One common element across all these failed attempts is the lack of empirical evidence to guide regulatory efforts. The following are some interesting empirical findings on the unique and dynamic relationship between migrants and Sub Agents, that are valuable for regulating Sub Agents.
Based on rigorous analysis, the IPS study finds that:
Migrant’s misconception that the Sub Agent is a formal stakeholder leads to lower probability to migrate, lower promised wages, and lower promised incentives. When potential migrants are unaware of a Sub Agents’ actual formal status and have a misconception that they are formal, potential migrants are more likely to be intimidated, leading to accepting lower wage and incentive offers. Similarly, with such intimidation, potential migrants are less likely to follow up and pressurise Sub Agents about migration.
Collection of the migrants’ passports by Sub Agents leads to lower promised wages and promised incentives, but a higher probability to migrate. As per the existing regulations, as informal stakeholders, Sub Agents have no authority to collect passports. However, in practice, it is the Sub Agent who initially collects the passport from the potential migrant and hands it over to a licensed recruitment agent. As such, there are instances where Sub Agents hold on to passports while they `shop around’ for alternative licensed recruitment agents, until an attractive commission, is offered to the Sub Agent. Simultaneously, this submission of passport deprives the potential migrant of alternative offers, as she is unable to approach other licensed agents or Sub Agents. This leads to lower bargaining power and related lower promised wages and incentives for potential migrants. However, lower financial outcomes are in the context of a higher chance of migrating, because a passport is needed to process the final steps of the migration process, and often these final steps are carried out by the Sub Agent on behalf of the licensed agent.
A Sub Agent requesting money for his services leads to higher promised wages and higher promised incentives, but a lower probability to migrate. The status quo for recruitment of a FDW to the GCC countries involves zero recruitment cost to migrants. Yet, this finding reveals that recruitment fees are collected by Sub Agents, resulting in contradictory implications to potential migrants. Higher promised wages and incentives, coupled with the lower chance of migration reflect the misleading nature of Sub Agents with ‘over promise and under delivery’. Fraudulent Sub Agents often offer unrealistically good recruitment packages, with a slim chance of actual migration, and attempt to earn an income by misleading potential migrants.
The transition from potential to current migrant enables migrants to realize the actual status of Sub Agents. Given that Sub Agents are informal stakeholders, migrants start to realise the former’s actual status through own experience. But this self-realisation requires one to go through the entire recruitment process and perhaps endure exploitation, abuse, vulnerability, lower incentives and wages, and lower probability to migrate. If this information can be provided earlier on in the recruitment process, potential migrants could be saved from adverse experiences in the recruitment process, and possibly ensured better outcomes in terms of wages, incentives, and probability to migrate.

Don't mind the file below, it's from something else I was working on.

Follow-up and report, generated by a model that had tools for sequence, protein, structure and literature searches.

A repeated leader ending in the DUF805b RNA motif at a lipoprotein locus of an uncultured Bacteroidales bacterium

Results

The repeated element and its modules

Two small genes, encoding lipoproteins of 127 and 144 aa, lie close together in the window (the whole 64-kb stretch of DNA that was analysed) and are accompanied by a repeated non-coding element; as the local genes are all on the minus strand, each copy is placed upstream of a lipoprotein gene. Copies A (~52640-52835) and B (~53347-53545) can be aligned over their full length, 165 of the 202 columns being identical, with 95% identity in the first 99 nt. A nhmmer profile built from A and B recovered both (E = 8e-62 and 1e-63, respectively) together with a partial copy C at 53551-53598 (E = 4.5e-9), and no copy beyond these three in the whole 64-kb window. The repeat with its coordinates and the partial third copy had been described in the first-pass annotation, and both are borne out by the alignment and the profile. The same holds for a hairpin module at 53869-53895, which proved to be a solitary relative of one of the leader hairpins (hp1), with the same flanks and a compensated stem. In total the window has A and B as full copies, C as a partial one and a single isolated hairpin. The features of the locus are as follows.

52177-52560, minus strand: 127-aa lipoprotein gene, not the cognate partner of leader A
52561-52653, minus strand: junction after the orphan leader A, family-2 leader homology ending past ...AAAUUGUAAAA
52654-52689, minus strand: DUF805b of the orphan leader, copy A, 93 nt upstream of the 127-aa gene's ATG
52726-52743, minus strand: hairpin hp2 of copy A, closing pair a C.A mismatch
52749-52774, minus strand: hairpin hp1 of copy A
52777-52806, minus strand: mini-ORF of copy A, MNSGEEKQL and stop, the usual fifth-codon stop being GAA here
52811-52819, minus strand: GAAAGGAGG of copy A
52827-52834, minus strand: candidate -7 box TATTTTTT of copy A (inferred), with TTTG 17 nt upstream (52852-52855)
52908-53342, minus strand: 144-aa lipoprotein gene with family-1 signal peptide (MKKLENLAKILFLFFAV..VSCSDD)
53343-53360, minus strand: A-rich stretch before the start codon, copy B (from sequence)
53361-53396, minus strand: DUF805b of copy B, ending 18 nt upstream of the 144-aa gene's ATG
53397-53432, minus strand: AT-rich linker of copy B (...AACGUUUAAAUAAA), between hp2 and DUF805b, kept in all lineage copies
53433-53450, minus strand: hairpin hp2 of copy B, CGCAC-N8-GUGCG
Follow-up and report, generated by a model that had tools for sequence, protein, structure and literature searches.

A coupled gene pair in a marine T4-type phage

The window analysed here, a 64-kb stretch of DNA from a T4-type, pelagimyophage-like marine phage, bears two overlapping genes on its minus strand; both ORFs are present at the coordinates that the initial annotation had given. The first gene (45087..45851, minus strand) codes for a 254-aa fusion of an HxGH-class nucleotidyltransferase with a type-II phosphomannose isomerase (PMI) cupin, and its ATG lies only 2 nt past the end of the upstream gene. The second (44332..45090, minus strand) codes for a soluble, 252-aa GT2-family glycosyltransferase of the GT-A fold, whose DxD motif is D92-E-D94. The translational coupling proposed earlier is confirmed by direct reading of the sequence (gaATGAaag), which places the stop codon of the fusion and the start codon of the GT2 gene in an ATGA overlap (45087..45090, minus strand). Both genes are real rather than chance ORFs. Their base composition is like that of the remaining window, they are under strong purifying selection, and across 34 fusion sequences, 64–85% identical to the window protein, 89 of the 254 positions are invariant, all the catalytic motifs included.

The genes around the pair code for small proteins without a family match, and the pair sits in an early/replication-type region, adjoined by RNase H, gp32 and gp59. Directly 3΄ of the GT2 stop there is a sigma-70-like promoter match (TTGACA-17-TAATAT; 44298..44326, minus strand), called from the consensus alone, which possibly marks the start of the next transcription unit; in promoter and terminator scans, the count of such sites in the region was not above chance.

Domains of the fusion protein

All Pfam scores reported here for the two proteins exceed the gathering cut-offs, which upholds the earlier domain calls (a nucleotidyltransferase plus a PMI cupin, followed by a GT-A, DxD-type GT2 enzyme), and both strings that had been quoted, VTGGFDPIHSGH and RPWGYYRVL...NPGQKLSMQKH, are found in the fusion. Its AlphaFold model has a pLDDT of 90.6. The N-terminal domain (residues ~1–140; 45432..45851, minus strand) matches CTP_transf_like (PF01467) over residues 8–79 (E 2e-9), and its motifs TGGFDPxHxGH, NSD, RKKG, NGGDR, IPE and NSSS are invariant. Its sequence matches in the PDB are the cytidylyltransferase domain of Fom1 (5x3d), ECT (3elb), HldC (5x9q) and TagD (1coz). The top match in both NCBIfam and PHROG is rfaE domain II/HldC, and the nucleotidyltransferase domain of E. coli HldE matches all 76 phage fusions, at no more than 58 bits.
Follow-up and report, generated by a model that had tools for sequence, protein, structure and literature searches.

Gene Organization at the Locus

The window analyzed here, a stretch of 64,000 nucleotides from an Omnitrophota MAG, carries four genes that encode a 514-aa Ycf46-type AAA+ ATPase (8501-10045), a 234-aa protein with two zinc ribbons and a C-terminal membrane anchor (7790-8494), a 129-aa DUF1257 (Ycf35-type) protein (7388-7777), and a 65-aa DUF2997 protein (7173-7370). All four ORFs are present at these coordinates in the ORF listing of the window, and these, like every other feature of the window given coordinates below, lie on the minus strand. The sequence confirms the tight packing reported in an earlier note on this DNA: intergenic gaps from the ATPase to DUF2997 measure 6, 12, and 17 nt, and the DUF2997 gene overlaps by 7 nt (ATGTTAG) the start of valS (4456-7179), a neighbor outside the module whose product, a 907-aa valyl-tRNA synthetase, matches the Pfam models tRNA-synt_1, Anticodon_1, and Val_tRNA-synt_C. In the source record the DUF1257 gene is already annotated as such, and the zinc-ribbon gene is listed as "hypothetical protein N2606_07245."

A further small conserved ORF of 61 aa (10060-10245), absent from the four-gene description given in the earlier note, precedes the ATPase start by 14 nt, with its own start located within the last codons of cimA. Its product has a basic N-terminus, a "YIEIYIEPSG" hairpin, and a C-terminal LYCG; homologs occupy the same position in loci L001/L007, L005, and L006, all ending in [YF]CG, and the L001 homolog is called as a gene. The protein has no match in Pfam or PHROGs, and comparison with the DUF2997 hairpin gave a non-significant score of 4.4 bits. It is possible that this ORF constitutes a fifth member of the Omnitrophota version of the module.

The findings of the study provide valuable information to shape proposed revisions to the SLBFE Act to regulate Sub Agents.
• SLBFE to develop a mechanism to inform potential migrants about Sub Agents’ current informal status, role and capacity. It is crucial that such information is provided to migrants earlier on in the recruitment process. If Sub Agents are formalized in future, such updated information should be clearly disseminated in a timely manner. Often migration is a family decision, influenced by friends and community. As such, in addition to potential migrants, wide dissemination of above information to the general public, beyond potential migrants, is important.
• SLBFE to develop a clear procedure to facilitate collection and return of passports by Sub Agents, and handing over same to licensed recruitment agents. This procedure could specify the stage in the recruitment process where a Sub Agent can collect a potential migrant’s passport, specify a maximum duration for a Sub Agent to hold a migrant’s passport, and impose the requirement to provide a receipt of collection/return of passport.
• And finally, a clear structure for fee collection for Sub Agents ought to be developed. This Fee structure could draw from the one currently adopted for licensed recruitment agents.
(Bilesha Weeraratne is a Research Fellow at the Institute of Policy Studies of Sri Lanka (IPS). To share your comments with the author, please write to [email protected])
*Article courtesy Talking Economics.